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What are the possible risks and side-effects of NSAIDs?

Standard NSAIDs such as ibuprofen and naproxen work by blocking enzymes called COX 1 and COX 2, which are important in causing inflammation but can also affect the stomach. Newer NSAIDs (often referred to as coxibs) only block COX 2 enzymes and were designed to reduce side-effects, particularly on the digestive system.

If you're at risk of ulceration or bleeding of the digestive system your doctor may recommend:

  • either a coxib such as celecoxib or etoricoxib
  • or a standard NSAID (e.g. ibuprofen or naproxen) along with another drug called a proton-pump inhibitor (PPI) such as omeprazole or lansoprazole to help protect the stomach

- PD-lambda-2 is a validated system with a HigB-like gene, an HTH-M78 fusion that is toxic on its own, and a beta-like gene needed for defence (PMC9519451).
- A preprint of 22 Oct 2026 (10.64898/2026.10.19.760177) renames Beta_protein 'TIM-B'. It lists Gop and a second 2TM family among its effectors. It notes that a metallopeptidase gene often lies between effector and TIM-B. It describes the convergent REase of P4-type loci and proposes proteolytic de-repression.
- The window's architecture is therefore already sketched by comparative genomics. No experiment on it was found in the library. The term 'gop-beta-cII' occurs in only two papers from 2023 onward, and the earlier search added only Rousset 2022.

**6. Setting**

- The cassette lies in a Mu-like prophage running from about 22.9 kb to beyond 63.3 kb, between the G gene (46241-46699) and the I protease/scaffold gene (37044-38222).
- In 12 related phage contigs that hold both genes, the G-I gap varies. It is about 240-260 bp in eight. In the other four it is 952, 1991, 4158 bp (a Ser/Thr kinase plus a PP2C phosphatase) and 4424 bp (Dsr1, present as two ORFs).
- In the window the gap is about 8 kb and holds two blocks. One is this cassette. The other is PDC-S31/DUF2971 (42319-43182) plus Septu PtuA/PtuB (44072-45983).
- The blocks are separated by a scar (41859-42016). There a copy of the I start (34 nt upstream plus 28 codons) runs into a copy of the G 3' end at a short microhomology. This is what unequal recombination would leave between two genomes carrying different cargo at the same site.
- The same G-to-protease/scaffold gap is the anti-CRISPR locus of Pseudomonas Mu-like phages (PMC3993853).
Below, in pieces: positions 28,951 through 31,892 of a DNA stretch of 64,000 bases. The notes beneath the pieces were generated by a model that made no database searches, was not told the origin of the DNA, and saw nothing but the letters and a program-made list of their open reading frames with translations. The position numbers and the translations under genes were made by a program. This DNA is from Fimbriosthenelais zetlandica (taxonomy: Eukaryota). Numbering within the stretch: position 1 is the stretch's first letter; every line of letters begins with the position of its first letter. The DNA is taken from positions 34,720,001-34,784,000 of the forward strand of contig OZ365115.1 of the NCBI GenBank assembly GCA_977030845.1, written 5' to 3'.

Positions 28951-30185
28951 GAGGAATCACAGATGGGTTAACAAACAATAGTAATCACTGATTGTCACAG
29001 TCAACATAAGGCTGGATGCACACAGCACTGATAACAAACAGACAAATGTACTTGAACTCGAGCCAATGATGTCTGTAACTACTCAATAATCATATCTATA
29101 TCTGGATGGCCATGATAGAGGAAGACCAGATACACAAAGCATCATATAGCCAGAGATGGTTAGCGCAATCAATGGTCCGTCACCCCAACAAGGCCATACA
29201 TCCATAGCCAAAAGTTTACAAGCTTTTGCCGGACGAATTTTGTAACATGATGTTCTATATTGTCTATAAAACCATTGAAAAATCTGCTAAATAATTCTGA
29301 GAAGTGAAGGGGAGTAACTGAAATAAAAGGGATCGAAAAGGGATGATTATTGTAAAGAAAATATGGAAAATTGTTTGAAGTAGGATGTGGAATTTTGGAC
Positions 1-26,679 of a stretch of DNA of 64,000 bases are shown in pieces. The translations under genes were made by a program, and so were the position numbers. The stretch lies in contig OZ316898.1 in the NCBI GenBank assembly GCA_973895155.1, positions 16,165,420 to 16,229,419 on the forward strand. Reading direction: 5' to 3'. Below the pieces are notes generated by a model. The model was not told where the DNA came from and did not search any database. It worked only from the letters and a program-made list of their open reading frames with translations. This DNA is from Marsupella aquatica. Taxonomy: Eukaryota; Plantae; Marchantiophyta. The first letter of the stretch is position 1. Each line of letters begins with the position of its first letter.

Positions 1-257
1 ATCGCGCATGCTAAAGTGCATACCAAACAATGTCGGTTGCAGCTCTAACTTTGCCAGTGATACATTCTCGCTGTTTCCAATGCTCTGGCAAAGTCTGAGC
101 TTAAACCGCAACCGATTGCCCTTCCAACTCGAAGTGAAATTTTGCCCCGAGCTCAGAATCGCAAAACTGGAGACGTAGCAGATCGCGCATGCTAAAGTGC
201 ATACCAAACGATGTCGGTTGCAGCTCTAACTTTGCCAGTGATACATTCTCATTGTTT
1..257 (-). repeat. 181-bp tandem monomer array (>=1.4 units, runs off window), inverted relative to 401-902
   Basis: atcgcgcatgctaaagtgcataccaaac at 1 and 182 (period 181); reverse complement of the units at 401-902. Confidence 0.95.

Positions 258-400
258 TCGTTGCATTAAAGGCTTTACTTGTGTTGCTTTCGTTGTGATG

• or, if the risk is thought to be high, a coxib along with a PPI.

There’s evidence that all NSAIDs are linked to a small increase in the risk of having a heart attack or stroke, so they may not be suitable for you if you smoke or if you have or have ever had:

  • heart disease, a heart attack or stroke
  • peripheral vascular disease (circulation problems in the limbs, usually the legs)
  • high blood pressure or cholesterol levels
  • diabetes.

You should also be aware of these potential risks with over-the-counter NSAIDs.

If your kidneys aren’t working as well as they should, your doctor may ask for a test and may reduce the dose of NSAID you’re given or even decide that they’re best avoided.


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